Racist murder in Christchurch a product of Morrison and mainstream’s Islamophobia

The shocking murder of 50 Muslims at Friday prayers in Christchurch is the latest horrific example of the far right terrorism—also seen in recent years in Norway, Canada and the US. But it is the direct product of the Islamophobia that has been stirred up and promoted in the political mainstream by the likes of Scott Morrison, Peter Dutton and Tony Abbott.

It is the Coalition’s official racism that has amplified the vicious anti-Muslim and white supremacist ideas of the likes of Queensland Senator Fraser Anning. Last year the Coalition even voted for Pauline Hanson’s “it’s ok to be white” motion in the Senate. We stand with “egg boy” Will Connolly who egged Anning at his press conference in Melbourne—but it will take a wider protest movement to push back the anti-Muslim ideas pushed by the politicians.

As Islamophobia has been ramped up in the media, attacks on mosques and Muslims have increased in Australia. Muslim women are now routinely abused in public, in incidents like one in January where a mother and her young son were abused on public transport by a woman who told them “I hate Islam”. She then assaulted another Muslim woman who tried to intervene. In November, a man entered the Al-Azhar mosque in Belmore in Sydney armed with a golf club and began threatening worshippers.

Brenton Tarrant, the Australian-born killer, issued a 73-page manifesto making it clear he was part of the online swamp of alt-right and neo-Nazi ideas. He listed Anders Breivik, the fascist who brutally shot and murdered 69 people in 2011 in Norway, as his “true inspiration”. Both of them embraced an extreme Islamophobia, claiming Muslim immigration of Europe constitutes an “invasion” that somehow threatens the white population.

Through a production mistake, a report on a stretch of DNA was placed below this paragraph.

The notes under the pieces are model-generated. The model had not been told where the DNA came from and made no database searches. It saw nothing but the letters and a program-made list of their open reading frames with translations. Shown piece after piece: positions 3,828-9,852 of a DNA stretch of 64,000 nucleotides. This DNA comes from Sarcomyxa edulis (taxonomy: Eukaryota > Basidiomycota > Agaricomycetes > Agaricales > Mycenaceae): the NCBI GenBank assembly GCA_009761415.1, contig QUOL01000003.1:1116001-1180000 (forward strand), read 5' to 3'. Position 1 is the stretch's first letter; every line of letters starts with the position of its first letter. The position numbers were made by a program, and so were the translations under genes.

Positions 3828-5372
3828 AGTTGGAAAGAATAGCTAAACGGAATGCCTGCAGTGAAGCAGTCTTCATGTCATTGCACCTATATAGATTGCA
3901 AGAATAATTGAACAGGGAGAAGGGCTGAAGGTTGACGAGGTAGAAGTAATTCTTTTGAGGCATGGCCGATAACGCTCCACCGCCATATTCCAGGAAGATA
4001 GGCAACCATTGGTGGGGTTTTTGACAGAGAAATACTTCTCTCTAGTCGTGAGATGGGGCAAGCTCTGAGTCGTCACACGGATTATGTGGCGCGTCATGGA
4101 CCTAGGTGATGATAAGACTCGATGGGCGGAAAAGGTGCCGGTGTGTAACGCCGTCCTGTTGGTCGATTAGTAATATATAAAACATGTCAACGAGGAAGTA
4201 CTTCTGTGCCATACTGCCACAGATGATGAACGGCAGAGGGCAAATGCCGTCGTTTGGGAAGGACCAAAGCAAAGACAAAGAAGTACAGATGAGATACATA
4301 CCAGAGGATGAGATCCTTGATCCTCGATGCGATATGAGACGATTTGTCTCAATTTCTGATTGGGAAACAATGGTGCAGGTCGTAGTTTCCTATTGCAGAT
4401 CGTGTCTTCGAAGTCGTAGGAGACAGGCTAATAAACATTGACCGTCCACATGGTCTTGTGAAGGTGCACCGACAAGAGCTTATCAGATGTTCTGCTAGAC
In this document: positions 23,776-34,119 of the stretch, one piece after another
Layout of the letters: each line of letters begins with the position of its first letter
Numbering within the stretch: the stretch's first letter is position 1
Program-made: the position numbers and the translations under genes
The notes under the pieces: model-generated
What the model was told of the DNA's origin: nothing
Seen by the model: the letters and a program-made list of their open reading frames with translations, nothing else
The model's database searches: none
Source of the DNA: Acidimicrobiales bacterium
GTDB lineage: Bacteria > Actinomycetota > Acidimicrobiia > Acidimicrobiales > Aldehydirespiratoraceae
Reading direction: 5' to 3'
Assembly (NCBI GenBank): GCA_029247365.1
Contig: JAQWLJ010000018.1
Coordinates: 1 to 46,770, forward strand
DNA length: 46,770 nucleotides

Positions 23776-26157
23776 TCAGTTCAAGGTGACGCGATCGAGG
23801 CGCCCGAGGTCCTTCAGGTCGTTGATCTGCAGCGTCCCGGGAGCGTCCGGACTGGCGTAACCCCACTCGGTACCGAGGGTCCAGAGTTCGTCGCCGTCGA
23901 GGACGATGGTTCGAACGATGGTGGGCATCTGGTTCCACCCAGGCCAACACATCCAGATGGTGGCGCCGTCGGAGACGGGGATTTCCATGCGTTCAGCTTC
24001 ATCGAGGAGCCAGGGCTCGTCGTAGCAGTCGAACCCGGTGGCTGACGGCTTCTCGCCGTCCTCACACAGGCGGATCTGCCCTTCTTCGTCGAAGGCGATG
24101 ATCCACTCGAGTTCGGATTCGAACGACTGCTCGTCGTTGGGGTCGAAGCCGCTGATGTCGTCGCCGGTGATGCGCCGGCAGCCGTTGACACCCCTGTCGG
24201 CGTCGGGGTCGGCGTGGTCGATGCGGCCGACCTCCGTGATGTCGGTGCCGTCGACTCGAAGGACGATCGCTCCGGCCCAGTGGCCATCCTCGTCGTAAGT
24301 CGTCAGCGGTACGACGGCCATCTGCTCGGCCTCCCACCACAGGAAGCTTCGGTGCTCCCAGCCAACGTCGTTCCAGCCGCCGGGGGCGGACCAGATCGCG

All across the world, the far right is on the rise. Fascists have been elected to Germany’s national parliament for the first time since the Second World War. Italy’s racist Interior Minister Matteo Salvini has threatened to deport 500,000 migrants in a “mass cleansing street by street”. And US President Donald Trump has tried to ban Muslims from entering the US, defended neo-Nazis as “good people” and voiced support for anti-Semitic conspiracy theories.

Morrison’s racist fearmongering

In the aftermath of the tragedy, Prime Minister Scott Morrison condemned the attack as carried out by, “an extremist, right-wing violent terrorist”, calling on the community to unite against the “real enemy… hatred and intolerance”.

Yet Morrison himself has made a career out of stirring up racism and hate. While Shadow Minister for Immigration in 2010 he famously argued for the Liberals to campaign against Muslim immigration, in a disgraceful attempt to stir up racism and win votes.

As Immigration Minister, he established Operation Sovereign Borders and instructed the Immigration department to refer to asylum seekers arriving by boat as “illegal” arrivals.

As recently as November, following the attack in Melbourne’s Bourke Street, Morrison was scaremongering about “radical, violent, extremist Islam”, despite evidence that Shire Ali, who carried out the attack, had a history of mental illness. Morrison even targeted the Muslim community as a whole, blaming them for the attack and declaring “more needs to happen” from Muslim leaders to tackle extremism.

This was only the latest episode in the two decades long “war on terror”, which has cast suspicion on the Muslim community as a whole through draconian anti-terror laws and raids on Muslim homes.

The Australian government has also been a key backer of the Western wars and bombing raids across the Middle East since 9/11 that have claimed hundreds of thousands of Muslim lives.

In the lead up to the election, the Liberals are desperately trying to whip up a scare campaign about refugees in an effort to win votes. Morrison and Dutton have smeared refugees on Manus and Nauru as criminals and even claimed Australians could be thrown out of hospital queues if refugees were brought here for medical treatment.

And we need a stronger stand from Labor. Too often, Labor has refused to condemn the Liberals’ racism and fearmongering. Labor leader Bill Shorten continues to support the offshore detention of refugees on Manus and Nauru as well as refugee boat turnbacks. And Labor itself has scapegoated temporary migrant workers for taking jobs.

Anti-racist organising and protests are vital to reject both the racism of the far right and the political mainstream. The demonstrations against Islamophobia in response to the massacre in Christchurch, including 2000 people yesterday in Melbourne and today’s rally in Sydney, are an important start. The rallies for refugees on Palm Sunday on 14 April are another chance to hit the streets before the election to say no to racism and fear.


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